2. I realize that you wrote 10:01 after Nietzsche's Kisses, but it is interesting that, from the order in which your published works appeared, both it and Anxious Pleasures, which uses The Metamporphosis by Kafka and, less obviously, As I Lay Dying, by Faulkner, as foundational works, are self-consciously multi-vocal and multi-textual. There is a big difference between being unintentionally intertextual — all writers must work this way to a great degree, experimental or not — and being intentionally so. What does self-conscious intertextuality do for a writer, a novel, and a reader?
Here I think we're really citing, not Bakhtin, but Barthes as influence, and his realization that every text is "a multi-dimensional space in which a variety of writings, none of them original, blend and clash"; that every text "is a tissue of quotations drawn from the innumerable centers of culture." (Naturally, Barthes is appropriating Bakhtin. I wonder who Bakhtin was appropriating.) One can't put pen to paper, fingertips to keyboard, without engaging in a conversation across time and space called literary history. Awareness of and engagement with that conversation, I find, is a wonderfully enriching creative/intellectual enterprise. For me, such self-consciousness has led (fruitfully, I hope) into what Raymond Federman once called "critifiction," and what I take to mean an in-between zone of writing practices that acknowledges that every fiction is a kind of criticism, every piece of criticism a kind of fiction. And every act of reading is always an act of interpretation —which is to say another mode of critifiction.
With novels like Nietzsche's Kisses, then, I've simply tried to make visible and complicate what our writing and reading conventions have worked very hard to make invisible and simple. One can think of Anxious Pleasures as a critical investigation of Kafka's Metamorphosis in particular, and Kafka's fiction in general. And one can think of it, too, as an extended meditation on how and why we read and write.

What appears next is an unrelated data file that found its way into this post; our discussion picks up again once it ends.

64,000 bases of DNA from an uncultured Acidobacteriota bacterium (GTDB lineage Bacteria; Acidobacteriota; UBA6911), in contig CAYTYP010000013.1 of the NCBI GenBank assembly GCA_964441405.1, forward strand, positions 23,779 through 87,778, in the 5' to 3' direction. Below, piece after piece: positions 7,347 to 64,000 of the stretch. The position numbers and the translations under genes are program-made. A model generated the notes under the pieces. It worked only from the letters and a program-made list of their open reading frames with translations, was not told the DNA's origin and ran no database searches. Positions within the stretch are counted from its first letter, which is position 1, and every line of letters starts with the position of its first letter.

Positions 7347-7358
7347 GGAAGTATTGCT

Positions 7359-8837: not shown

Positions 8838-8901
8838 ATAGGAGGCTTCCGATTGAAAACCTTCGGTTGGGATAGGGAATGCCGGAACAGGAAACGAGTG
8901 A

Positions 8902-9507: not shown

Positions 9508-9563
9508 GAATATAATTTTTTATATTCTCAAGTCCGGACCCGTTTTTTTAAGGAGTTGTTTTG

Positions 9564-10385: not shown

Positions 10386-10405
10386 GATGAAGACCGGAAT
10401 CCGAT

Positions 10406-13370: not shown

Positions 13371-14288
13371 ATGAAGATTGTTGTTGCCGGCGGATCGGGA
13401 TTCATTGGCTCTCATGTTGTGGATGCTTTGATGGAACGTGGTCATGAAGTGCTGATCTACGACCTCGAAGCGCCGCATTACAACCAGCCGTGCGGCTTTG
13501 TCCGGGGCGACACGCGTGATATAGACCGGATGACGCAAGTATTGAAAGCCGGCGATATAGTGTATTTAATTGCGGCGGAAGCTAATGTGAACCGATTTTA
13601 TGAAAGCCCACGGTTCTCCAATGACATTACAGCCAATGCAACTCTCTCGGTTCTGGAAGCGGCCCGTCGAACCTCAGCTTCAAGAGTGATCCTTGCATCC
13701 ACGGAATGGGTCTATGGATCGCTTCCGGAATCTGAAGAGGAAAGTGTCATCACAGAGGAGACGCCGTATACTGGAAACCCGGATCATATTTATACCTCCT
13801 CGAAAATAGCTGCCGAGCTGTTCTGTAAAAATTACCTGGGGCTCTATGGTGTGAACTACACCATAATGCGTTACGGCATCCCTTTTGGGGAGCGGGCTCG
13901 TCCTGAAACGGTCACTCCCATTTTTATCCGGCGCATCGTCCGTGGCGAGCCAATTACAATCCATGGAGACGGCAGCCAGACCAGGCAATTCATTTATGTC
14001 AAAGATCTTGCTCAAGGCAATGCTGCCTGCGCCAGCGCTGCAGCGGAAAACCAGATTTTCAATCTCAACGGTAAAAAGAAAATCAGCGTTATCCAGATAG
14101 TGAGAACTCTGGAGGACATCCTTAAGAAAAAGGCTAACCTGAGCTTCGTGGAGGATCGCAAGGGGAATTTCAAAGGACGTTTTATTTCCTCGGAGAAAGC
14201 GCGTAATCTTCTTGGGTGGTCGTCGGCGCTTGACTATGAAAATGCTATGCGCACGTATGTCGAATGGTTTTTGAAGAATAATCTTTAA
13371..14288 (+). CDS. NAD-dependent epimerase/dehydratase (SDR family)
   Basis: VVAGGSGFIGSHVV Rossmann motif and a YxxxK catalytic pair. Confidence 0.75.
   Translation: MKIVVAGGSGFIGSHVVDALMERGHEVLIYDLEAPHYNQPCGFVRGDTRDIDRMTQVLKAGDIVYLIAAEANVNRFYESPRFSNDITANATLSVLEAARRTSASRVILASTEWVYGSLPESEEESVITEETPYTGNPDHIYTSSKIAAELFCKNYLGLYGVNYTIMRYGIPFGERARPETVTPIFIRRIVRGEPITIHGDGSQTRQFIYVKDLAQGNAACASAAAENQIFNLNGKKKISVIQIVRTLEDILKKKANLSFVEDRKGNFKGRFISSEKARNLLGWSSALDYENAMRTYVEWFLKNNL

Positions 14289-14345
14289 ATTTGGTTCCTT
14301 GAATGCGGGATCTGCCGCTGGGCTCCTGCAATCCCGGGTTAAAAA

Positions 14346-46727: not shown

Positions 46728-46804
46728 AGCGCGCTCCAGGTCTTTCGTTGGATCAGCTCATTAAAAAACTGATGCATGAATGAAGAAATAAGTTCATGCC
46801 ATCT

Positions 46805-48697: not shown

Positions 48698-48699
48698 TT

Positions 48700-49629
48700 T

3. I am obviously a big fan of your work, but I am curious about the way you see the category of "experimental" or "innovative" in relation to your own books. In a book such as Hideous Beauties you, for the most part, write highly elliptical, atmospheric "vignettes" (for lack of a better word.) But most of your novels are unconventional in terms of the extremity of the actions and themes, the speculative power, and so forth; while they are often conventional in the way they use plot, setting, point of view, style, and character. For instance, in Freaknest the setting is extreme; you speculate on a possible, new-future dystopia, telling a linear story about abused kids. What is perhaps most memorable about that book, however, is the setting, as with most dystopias — and here I am thinking of Brave New World in particular.
What your implied question points to is how extraordinarily difficult it is to speak of "the innovative," "the experimental," or whatever troubled and troubling term we wish to use to refer to . . . what, exactly? One person's radical experimentation is another's example of the bland leading the bland. Even more interesting, one person's radical experimentation is the same person's example of the bland leading the bland at a different point in that person's life.
So my first novel, Live From Earth, by way of illustration, strikes me as terribly conventional these days, and, for me, it's been along slow drift from what I was doing in the eighties to what I'm doing now. I agree with you about Tonguing the Zeitgeist, Time Famine and Freaknest; it's their transgressive themes, overstated characters, hallucinogenic satire, and often textured style that formed their experimental mode. From, roughly, 2000 on — from, say Girl Imagined By Chance and Hideous Beauties — it strikes me that the dominant innovative impulse in my writing has had more to do with ontological/epistemological questions, formal and linguistic investigation, and an increasing exploration into intertextual and critifictional discourses.
Currently I'm working on a novel with three intersecting narratives — Van Gogh's last months in Auvers, France; his brother Theo's great grandson's (a filmmaker also named Theo's) murder; and Mohammed Bouyeri, the man who killed him for helping create an experimental short about the abuse of women in Islamic culture. I'm interested thematically with an investigation into the limits of tolerance in a culture, and otherwise with how the page itself can become a musical arena. With respect to the latter, I'm writing very short (usually sentence-fragment length) prose bursts, with each character's voice adopting a different font, while using excessive white space as a kind of breathing regulator.
I feel confident that, if all goes well, this book will be completely unreadable and unpublishable when done.